'America needs farmers': Communal identity, the University of Iowa football team and the farm crisis of the 1980s

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Abstract

During the 1980s, Iowa farmers struggled through grave economic situations comparable to the Depression. Many farmers were forced to leave family farms, unable to pay their large debts. At the same time, the Hayden Fry-led University of Iowa football team achieved tremendous success, moving to the top of national polls in 1985. This paper examines how the success of the University of Iowa football team impacted on the farm community. Those in rural communities around the state, many struggling with their own achievement and identity, rallied around the success of the Hawkeyes. The topic helps delineate the relationship between intercollegiate athletic programmes and surrounding communities. 'Iowa football reflects the mores of a greater community which is all of Iowa. There are striking similarities between the uphill fight of the Hawkeyes to win football recognition among the toughest foes, and the uphill fight of the university itself to win a higher place of honor, respect and proud support among its own people, and the uphill fight of the state itself to become a positive factor among the community of states.' Loren Hickerson, first executive director of the University of Iowa Alumni Association (during the 1950s).

Original languageEnglish (US)
Pages (from-to)1360-1378
Number of pages19
JournalInternational Journal of the History of Sport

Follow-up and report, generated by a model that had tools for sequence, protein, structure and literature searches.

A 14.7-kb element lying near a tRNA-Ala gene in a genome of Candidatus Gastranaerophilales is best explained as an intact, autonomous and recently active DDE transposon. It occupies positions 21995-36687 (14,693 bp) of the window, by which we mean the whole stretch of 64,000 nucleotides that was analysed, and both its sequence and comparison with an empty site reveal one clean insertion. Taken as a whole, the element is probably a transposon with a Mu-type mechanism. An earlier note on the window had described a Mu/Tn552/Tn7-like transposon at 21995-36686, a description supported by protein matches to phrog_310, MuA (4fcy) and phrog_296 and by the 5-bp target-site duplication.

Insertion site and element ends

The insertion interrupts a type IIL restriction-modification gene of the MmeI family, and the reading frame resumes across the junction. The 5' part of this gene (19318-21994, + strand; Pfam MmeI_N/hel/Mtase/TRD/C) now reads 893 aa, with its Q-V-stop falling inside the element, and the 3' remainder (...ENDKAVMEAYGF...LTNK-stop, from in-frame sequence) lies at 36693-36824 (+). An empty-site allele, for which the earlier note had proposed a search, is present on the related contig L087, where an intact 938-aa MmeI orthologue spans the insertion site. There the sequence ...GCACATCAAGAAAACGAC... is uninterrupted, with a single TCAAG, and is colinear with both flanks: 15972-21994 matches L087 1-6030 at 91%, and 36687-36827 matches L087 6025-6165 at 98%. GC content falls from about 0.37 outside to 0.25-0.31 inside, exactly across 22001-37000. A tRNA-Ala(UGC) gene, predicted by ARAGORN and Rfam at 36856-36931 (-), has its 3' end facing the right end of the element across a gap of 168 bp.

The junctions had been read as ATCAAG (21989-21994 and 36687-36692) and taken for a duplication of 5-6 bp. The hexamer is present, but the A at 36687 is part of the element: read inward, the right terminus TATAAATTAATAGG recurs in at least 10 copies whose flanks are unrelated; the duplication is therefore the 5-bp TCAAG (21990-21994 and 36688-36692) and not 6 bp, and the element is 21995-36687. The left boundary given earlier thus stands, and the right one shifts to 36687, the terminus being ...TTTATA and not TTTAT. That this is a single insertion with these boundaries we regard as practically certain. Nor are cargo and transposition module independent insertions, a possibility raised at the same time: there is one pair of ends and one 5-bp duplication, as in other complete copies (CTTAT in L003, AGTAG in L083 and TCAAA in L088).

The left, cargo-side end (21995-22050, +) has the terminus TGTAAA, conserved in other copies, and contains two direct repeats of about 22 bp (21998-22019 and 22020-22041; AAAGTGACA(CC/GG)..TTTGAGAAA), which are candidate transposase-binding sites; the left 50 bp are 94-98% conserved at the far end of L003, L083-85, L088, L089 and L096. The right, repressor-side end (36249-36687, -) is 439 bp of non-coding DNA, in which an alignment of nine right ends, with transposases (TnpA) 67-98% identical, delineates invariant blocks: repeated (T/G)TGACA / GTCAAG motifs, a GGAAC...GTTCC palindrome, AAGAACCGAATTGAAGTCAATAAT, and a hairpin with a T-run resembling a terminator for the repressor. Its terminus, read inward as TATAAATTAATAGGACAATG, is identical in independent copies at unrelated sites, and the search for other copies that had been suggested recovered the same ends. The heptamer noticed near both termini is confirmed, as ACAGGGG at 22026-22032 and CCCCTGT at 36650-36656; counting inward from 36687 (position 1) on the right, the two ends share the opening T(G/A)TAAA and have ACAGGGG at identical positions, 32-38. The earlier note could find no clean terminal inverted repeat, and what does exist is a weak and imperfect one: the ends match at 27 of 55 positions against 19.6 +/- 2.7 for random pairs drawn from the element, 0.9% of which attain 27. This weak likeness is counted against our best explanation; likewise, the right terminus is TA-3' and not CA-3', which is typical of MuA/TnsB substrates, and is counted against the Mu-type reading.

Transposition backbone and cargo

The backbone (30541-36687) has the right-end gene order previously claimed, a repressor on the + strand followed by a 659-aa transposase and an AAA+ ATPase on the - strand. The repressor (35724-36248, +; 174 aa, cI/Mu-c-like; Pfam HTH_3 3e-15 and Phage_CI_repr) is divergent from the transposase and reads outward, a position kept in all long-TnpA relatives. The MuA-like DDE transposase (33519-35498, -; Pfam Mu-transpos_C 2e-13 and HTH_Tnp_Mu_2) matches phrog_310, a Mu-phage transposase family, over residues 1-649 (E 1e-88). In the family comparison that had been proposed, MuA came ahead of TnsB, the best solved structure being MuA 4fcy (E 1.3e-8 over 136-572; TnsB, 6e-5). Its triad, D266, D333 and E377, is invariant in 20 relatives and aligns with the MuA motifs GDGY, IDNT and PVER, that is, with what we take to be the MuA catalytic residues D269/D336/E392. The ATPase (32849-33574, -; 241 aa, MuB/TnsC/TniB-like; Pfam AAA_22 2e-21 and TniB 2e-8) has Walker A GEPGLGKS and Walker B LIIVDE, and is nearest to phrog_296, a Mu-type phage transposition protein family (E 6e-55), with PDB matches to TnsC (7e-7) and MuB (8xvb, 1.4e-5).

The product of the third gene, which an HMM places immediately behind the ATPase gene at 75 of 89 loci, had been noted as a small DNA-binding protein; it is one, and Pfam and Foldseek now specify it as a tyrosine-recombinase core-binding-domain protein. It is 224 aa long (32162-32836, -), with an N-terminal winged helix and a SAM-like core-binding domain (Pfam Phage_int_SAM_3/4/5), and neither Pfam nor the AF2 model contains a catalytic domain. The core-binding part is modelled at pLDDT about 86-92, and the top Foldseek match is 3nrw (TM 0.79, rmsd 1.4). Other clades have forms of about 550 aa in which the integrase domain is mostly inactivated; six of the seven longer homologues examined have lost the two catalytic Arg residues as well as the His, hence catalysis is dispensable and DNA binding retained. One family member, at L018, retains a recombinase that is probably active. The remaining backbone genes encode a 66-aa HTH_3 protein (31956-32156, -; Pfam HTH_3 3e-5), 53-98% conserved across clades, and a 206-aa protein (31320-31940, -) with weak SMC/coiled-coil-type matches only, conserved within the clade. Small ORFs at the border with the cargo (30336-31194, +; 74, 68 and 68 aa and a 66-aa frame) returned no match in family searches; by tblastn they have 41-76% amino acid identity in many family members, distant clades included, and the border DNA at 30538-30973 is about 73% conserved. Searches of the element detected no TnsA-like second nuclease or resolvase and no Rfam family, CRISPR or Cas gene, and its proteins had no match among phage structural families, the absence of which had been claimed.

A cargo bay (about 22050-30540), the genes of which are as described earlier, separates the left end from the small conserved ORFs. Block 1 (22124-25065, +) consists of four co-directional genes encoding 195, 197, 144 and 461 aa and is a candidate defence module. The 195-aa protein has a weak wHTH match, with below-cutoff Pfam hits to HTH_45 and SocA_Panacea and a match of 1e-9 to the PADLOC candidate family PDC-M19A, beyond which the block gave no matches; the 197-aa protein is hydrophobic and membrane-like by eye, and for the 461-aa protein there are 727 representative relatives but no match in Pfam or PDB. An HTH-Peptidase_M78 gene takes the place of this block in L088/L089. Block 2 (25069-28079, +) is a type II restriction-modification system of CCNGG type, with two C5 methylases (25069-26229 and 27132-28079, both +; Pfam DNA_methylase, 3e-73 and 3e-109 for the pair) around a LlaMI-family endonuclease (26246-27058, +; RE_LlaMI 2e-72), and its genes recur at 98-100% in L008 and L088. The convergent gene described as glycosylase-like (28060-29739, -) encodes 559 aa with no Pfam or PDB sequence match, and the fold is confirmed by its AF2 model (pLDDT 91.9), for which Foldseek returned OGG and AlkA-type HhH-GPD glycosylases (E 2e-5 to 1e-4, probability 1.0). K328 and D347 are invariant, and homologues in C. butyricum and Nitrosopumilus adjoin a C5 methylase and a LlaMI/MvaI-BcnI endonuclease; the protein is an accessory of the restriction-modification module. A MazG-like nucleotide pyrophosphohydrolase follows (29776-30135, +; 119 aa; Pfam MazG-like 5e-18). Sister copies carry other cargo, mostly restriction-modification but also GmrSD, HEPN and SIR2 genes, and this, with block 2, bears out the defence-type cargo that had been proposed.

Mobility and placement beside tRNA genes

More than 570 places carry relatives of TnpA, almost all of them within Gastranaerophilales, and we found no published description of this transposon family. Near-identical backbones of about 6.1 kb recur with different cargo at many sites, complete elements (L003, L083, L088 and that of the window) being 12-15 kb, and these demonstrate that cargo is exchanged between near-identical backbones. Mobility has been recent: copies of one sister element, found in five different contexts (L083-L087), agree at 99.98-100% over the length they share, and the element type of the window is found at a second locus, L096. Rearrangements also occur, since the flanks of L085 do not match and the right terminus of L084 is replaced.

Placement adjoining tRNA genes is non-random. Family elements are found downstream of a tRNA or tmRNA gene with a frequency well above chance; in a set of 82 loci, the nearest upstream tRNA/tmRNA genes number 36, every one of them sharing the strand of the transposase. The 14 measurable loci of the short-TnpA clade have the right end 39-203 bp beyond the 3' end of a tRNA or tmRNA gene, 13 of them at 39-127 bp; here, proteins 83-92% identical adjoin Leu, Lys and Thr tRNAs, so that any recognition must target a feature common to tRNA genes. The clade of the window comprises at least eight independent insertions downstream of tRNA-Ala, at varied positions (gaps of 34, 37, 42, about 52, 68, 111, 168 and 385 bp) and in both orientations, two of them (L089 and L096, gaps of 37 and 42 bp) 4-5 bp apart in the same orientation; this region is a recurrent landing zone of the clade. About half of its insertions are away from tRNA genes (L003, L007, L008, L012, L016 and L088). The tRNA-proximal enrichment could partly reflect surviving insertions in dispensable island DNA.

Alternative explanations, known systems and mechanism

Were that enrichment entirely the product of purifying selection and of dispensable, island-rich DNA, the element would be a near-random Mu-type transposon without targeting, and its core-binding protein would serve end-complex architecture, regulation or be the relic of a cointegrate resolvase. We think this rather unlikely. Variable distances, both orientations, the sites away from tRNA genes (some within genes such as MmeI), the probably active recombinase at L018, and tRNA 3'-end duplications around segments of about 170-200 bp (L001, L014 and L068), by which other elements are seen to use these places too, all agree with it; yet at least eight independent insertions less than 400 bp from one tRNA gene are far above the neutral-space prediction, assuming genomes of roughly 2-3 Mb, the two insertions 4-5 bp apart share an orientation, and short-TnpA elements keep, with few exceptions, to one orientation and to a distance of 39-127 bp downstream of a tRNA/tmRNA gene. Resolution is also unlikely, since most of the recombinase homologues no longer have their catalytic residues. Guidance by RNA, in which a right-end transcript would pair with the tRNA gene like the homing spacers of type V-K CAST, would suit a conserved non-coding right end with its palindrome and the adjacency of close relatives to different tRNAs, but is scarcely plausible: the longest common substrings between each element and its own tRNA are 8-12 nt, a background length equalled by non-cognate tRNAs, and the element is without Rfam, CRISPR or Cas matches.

Volume27
Issue number8
DOIs
StatePublished - May 1 2010

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farm
farmer
community
alumni
economic situation
honor
rural community
indebtedness
director
respect
Farmers
Football
1980s
Farm
university

All Science Journal Classification (ASJC) codes

  • History
  • Social Sciences (miscellaneous)

Cite this

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title = "'America needs farmers': Communal identity, the University of Iowa football team and the farm crisis of the 1980s",
abstract = "During the 1980s, Iowa farmers struggled through grave economic situations comparable to the Depression. Many farmers were forced to leave family farms, unable to pay their large debts. At the same time, the Hayden Fry-led University of Iowa football team achieved tremendous success, moving to the top of national polls in 1985. This paper examines how the success of the University of Iowa football team impacted on the farm community. Those in rural communities around the state, many struggling with their own achievement and identity, rallied around the success of the Hawkeyes. The topic helps delineate the relationship between intercollegiate athletic programmes and surrounding communities. 'Iowa football reflects the mores of a greater community which is all of Iowa. There are striking similarities between the uphill fight of the Hawkeyes to win football recognition among the toughest foes, and the uphill fight of the university itself to win a higher place of honor, respect and proud support among its own people, and the uphill fight of the state itself to become a positive factor among the community of states.' Loren Hickerson, first executive director of the University of Iowa Alumni Association (during the 1950s).",
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